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How Martial Arts Was Joshua Pacio’s Key Weapon In Battle With Obesity

Nov 5, 2019

When Joshua “The Passion” Pacio began his martial arts journey, it was his health that motivated him to go to the gym and push himself.

The man from Baguio City did not harbor any dreams of glory, but as he trained and competed, he grew to love the sports he practiced and started to look beyond his weight-loss goals.

Little more than a decade later, he is now the ONE Strawweight World Champion, and he will defend his belt against Rene “The Challenger” Catalan this Friday, 8 November, in the main event of ONE: MASTERS OF FATE, in Manila, Philippines.

Before he had even reached his teenage years, “The Passion” seemed to be the least likely child to have a future as a martial arts superstar.

Back then, he was heavy enough to be a ONE Championship featherweight – three divisions higher than he competes at now as an adult.

“That’s the heaviest I’ve been. At the age of 10, I was 69 kilos,” he admits.

“I was really overweight. When I was standing, I could not see my feet because I had a big belly.”

“The Passion” believes some of his problems were down to genetics, but he also concedes that his eating habits exacerbated his issues.

“My father’s side [of the family] have a history of diabetes, so even if you eat just a little, it’s like boom, you will get fat,” he adds.

“Back then, I was really eating a lot – six times a day, something like that. I wouldn’t miss breakfast, morning snack, lunch, afternoon snack, dinner, and then a midnight snack.”



The Filipino says he was lucky to go to a school where he was not picked on by bullies, but his self-esteem was still at an all-time low. He says he was embarrassed to talk to other people because of the way he looked.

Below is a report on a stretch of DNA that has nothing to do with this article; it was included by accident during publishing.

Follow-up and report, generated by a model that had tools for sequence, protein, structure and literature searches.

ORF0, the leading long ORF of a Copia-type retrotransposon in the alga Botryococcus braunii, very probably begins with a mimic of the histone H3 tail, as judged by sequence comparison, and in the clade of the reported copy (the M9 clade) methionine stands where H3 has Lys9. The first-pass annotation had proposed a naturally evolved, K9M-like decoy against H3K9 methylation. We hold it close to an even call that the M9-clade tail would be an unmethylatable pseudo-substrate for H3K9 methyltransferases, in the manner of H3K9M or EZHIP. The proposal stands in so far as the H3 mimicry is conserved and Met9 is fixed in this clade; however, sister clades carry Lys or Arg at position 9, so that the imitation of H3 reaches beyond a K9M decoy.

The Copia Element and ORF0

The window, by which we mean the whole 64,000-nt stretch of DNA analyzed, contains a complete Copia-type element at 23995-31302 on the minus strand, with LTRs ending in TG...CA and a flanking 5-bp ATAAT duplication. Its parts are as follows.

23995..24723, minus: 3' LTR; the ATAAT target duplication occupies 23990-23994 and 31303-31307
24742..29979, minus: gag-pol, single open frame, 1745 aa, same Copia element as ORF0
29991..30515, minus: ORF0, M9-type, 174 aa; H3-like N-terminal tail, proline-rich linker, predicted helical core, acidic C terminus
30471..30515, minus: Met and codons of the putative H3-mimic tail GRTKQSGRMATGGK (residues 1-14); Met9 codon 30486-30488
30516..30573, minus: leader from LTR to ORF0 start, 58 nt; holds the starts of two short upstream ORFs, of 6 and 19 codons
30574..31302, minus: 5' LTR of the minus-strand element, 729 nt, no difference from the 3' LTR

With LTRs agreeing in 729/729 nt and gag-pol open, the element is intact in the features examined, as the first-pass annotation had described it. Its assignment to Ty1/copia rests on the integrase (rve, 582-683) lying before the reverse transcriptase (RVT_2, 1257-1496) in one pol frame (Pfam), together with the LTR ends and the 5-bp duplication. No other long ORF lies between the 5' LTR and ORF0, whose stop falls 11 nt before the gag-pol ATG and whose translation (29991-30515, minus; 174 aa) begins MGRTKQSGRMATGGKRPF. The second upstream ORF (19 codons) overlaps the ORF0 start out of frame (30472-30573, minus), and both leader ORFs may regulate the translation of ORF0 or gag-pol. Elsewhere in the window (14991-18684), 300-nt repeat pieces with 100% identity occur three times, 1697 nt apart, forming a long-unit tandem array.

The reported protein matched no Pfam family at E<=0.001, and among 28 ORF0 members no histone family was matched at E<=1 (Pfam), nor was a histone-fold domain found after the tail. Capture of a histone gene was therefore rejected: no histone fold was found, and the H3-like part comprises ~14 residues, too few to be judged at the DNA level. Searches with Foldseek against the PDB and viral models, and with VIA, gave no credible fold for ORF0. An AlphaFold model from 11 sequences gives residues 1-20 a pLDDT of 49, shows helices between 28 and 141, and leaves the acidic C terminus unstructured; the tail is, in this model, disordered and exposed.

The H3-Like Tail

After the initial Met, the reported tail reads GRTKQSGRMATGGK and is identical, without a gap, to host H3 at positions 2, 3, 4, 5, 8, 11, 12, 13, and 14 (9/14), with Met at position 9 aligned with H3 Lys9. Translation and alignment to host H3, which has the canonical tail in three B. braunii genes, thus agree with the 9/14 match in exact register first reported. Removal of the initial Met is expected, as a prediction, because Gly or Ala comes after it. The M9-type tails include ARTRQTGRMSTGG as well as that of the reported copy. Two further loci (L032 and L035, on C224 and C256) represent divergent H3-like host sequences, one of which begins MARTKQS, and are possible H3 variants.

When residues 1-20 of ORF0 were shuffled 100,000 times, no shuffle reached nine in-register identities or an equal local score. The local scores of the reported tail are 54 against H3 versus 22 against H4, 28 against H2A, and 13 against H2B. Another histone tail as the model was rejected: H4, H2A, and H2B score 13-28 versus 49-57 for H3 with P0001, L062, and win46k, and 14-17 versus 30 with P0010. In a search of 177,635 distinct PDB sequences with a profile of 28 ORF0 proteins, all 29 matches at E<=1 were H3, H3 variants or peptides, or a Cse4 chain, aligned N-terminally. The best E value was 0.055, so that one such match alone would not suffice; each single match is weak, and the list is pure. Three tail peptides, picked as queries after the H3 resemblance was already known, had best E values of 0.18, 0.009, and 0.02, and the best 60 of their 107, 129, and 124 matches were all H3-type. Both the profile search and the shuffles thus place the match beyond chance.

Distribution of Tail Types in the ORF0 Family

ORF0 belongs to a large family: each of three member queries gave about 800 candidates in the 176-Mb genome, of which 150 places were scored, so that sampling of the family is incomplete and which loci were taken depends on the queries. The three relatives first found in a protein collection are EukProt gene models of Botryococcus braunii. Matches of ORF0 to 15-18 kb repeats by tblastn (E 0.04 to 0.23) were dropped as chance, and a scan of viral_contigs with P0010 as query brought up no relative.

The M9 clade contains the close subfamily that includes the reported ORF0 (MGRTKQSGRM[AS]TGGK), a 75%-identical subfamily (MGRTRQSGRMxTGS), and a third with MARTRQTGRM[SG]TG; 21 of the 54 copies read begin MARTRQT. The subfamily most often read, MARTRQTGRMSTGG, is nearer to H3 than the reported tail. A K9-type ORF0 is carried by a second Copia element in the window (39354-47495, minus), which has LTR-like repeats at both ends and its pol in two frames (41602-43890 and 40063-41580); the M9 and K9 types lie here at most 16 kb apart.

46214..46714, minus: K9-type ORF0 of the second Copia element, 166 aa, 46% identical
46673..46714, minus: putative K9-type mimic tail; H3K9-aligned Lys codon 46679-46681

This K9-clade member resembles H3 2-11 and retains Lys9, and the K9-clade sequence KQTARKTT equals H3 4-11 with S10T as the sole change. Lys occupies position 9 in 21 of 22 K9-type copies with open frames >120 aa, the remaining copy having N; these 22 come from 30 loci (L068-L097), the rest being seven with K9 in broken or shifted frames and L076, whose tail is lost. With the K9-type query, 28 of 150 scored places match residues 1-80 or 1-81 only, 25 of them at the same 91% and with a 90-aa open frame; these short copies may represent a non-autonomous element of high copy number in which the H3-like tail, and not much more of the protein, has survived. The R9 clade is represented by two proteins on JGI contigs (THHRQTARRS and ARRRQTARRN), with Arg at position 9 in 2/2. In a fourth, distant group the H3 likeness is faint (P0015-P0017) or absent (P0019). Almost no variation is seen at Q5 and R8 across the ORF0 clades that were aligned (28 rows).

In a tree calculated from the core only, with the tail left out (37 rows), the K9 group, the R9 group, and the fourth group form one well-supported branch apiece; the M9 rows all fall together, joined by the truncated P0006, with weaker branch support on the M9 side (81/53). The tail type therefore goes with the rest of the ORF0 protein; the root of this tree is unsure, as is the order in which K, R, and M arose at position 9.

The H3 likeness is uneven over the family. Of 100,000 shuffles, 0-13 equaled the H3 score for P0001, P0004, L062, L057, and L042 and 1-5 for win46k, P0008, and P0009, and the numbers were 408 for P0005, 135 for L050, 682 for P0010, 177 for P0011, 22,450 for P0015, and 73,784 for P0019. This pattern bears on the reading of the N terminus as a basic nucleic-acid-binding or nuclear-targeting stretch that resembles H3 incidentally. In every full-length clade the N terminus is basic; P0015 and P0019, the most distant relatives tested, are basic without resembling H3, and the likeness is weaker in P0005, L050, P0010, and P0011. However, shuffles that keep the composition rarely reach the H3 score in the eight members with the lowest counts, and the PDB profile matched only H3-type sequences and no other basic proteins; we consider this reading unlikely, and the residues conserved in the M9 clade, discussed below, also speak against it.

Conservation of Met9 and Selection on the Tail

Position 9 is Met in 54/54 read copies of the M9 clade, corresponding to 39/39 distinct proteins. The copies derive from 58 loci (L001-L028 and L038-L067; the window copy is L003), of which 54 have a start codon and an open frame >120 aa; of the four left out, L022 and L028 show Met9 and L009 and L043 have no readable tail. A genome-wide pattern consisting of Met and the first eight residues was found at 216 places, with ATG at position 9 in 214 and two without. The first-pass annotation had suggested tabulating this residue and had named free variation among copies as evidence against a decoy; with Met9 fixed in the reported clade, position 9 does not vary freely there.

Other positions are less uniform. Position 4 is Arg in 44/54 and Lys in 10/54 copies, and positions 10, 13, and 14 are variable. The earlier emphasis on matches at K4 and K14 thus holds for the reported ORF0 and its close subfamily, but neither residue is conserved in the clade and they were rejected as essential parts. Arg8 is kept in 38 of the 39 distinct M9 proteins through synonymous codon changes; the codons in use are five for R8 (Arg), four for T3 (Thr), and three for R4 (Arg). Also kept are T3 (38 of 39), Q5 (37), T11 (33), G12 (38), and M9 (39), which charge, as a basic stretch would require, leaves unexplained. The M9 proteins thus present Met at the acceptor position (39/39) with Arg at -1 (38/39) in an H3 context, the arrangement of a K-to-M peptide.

The solution to his problems lay with martial arts and an uncle – a former athlete – who encouraged him to try kickboxing and Muay Thai as a way to improve his health. Once he began, there was no turning back.

“He encouraged me in martial arts for fitness purposes, not for competing,” he says.

“I started jogging and doing push-ups. I also did bodyweight exercises. Then, it was my first time training. The next day, my body ached so much that I just wanted to lay down, but that feeling kind of motivated me. I enjoyed the pain that I got from training.

“Then, that’s it. After I started, my training was continuous until I lost weight.”

His hard work changed him both physically and mentally, so by the time he started high school, his confidence issues were no more, and he had no problem talking to other people and making friends.

He had also ignited a new desire to push himself harder than he could have ever imagined.

After Pacio began to train Muay Thai regularly, he had his first experiences with competition in the ring. Even though he was not always successful, he never had any thoughts about giving up.

“Once you enter martial arts, your life will change significantly,” he explains.

“That includes your motivation. Martial arts will motivate you. That is the most important factor – being motivated until you are able to go where you want to go.”

That mindset took him from local bouts in “the art of eight limbs” to new challenges as a mixed martial artist, and eventually, the global stage, where he has emerged as one of the most talented competitors in the world – and he is still only 23.

While he recognizes that not everyone will follow his path to fame and fortune through training, he encourages anyone to follow in his footsteps to improve their lives and feel better in body and mind.

“Of course, even if you are not an athlete you still need to be healthy,” he says.

“Exercise and eat healthily. If you want to live for many years, you’ve got to live healthily. Whatever you do, whatever your daily activities are, whatever your attitude is, it will all reflect in your body.”

That does not mean that you have to give up on all of your favorite foods, however. Pacio still enjoys some of the treats that filled him in his youth, but moderation is his watchword.

“Of course, if you are not expecting a match, you also need to treat yourself – just don’t make it too often,” he adds.

“I can eat junk food, but only once a week. If I don’t have a match coming up, once or twice a week!”

Read more: 3 Bouts That Could Steal The Show At ONE: MASTERS OF FATE

Manila | 8 November | MASTERS OF FATE | TV: Check local listings for global broadcast | Tickets: http://bit.ly/onefate19